While not a coffee afficiando (I drink tea) I have heard countless times that nothing beats coffee that has been properly made from good beans. Conversely, bad coffee is worse than nothing. While Keurigs and instant coffee are expedient, neither can hold a candle to properly brewed coffee. My daughter, a budding coffee snob elected to take a french press to college instead of Keurig since it just tastes “richer, fuller and stronger”. She can also use any coffee she likes, including a small, local boutique coffee purveyor who blends and roasts his own beans.
So, what does coffee have to do with web sites? Website design, like coffee needs time to percolate to get the best results. Coffee drinkers tend to have strong preferences for strength, and bean types/blends; tastes that are best accommodated by taking the time to buy the right beans, obtain the right equipment, brew the coffee correctly, and then enjoy it. Likewise, website development requires time to identify the best platform, develop good page designs, and create the correct content to satisfy the tastes and needs of your ideal audiences.
One of my clients needed to begin building a web presence for his new business. We polished up his LinkedIn profile and added his new branding elements. We then created a very simple website that provided very basic information about his company’s expertise, his professional information, and a contact form. This small collection of information was created so potential clients would see that his business was real and contact him. My client also began blogging regularly to add content and continue developing his company’s voice and identity.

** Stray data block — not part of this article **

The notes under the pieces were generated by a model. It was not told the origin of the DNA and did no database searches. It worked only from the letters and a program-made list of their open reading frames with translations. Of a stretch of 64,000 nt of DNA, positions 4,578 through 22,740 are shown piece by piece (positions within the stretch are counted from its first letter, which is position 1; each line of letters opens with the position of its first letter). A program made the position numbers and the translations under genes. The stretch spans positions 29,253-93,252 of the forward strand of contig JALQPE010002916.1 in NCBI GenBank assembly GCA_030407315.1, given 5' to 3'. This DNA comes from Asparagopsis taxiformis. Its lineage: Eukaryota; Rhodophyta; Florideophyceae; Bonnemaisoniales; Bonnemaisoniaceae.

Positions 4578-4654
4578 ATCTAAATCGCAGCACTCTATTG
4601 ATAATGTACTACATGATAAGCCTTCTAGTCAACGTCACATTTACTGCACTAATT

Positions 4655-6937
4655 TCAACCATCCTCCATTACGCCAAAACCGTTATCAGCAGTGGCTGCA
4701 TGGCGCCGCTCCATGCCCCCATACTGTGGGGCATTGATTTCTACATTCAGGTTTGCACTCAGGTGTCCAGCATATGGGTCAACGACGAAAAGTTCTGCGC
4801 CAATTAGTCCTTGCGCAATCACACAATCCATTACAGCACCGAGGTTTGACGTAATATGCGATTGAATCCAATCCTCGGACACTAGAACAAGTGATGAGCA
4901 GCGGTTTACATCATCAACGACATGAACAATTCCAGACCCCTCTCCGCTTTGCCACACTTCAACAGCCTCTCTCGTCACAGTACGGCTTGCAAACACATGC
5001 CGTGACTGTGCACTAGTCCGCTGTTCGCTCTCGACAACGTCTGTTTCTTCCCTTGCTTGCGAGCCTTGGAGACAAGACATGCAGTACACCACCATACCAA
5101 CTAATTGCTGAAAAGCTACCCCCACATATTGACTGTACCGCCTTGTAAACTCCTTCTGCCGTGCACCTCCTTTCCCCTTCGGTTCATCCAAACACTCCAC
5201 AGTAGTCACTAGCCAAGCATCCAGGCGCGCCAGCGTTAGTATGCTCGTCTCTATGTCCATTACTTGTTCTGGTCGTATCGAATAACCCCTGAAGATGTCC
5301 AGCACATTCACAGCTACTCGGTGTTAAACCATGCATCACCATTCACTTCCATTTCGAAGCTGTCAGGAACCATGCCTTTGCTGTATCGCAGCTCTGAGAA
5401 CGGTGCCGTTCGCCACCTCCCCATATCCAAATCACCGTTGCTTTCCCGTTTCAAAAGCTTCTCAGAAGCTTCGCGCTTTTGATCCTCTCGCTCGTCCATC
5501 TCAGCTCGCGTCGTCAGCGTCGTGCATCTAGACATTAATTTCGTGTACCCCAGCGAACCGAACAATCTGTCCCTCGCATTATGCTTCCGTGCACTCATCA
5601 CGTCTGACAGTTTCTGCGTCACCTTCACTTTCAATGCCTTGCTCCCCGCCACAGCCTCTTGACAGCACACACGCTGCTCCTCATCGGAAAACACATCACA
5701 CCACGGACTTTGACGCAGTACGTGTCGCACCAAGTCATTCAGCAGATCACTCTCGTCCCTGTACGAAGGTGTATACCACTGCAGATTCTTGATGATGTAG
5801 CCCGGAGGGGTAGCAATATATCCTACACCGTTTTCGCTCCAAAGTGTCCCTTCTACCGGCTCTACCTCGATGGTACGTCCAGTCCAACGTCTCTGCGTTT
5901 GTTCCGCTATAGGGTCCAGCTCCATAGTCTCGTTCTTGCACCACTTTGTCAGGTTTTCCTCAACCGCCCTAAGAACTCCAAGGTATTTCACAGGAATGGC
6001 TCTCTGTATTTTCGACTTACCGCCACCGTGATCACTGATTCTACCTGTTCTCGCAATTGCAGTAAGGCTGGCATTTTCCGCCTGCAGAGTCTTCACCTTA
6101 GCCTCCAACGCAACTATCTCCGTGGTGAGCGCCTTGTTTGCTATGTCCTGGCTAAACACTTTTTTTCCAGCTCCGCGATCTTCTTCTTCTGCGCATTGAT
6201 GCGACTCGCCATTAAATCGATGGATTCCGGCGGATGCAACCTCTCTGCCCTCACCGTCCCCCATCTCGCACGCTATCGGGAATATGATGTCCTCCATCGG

After the simple site went live, we then took a step back and began developing other marketing documents to codify how he presented his services and what clients could expect in return. We continued developing his company’s voice and visuals and talked about what his “real” website would look like. In short, we let everything percolate.
When we went to build his “permanent” site we had a good idea about what we wanted to say and how we wanted to say it. We spent some time looking for the right template for his WordPress site; one that would work now and permit future expansion to include more material as his company and their story. Over the next couple of months we developed the site; filling in content, holding some pages for future development, testing it with some reviewers, and going live when my client felt that it properly reflected his company.
Unlike a good cup of coffee, the site will continue to percolate. We want to add more images, client stories, information about his team, and include additional functionality. A good website should grow and evolve just like the companies they represent. The best way to do this is to have a long-range plan, pick the right tools, and know who your audience is and what they need to hear.
Do you need someone to guide you through the internet and marketing wilderness? Contact me today and let’s begin building the tools to make your organization more visible.
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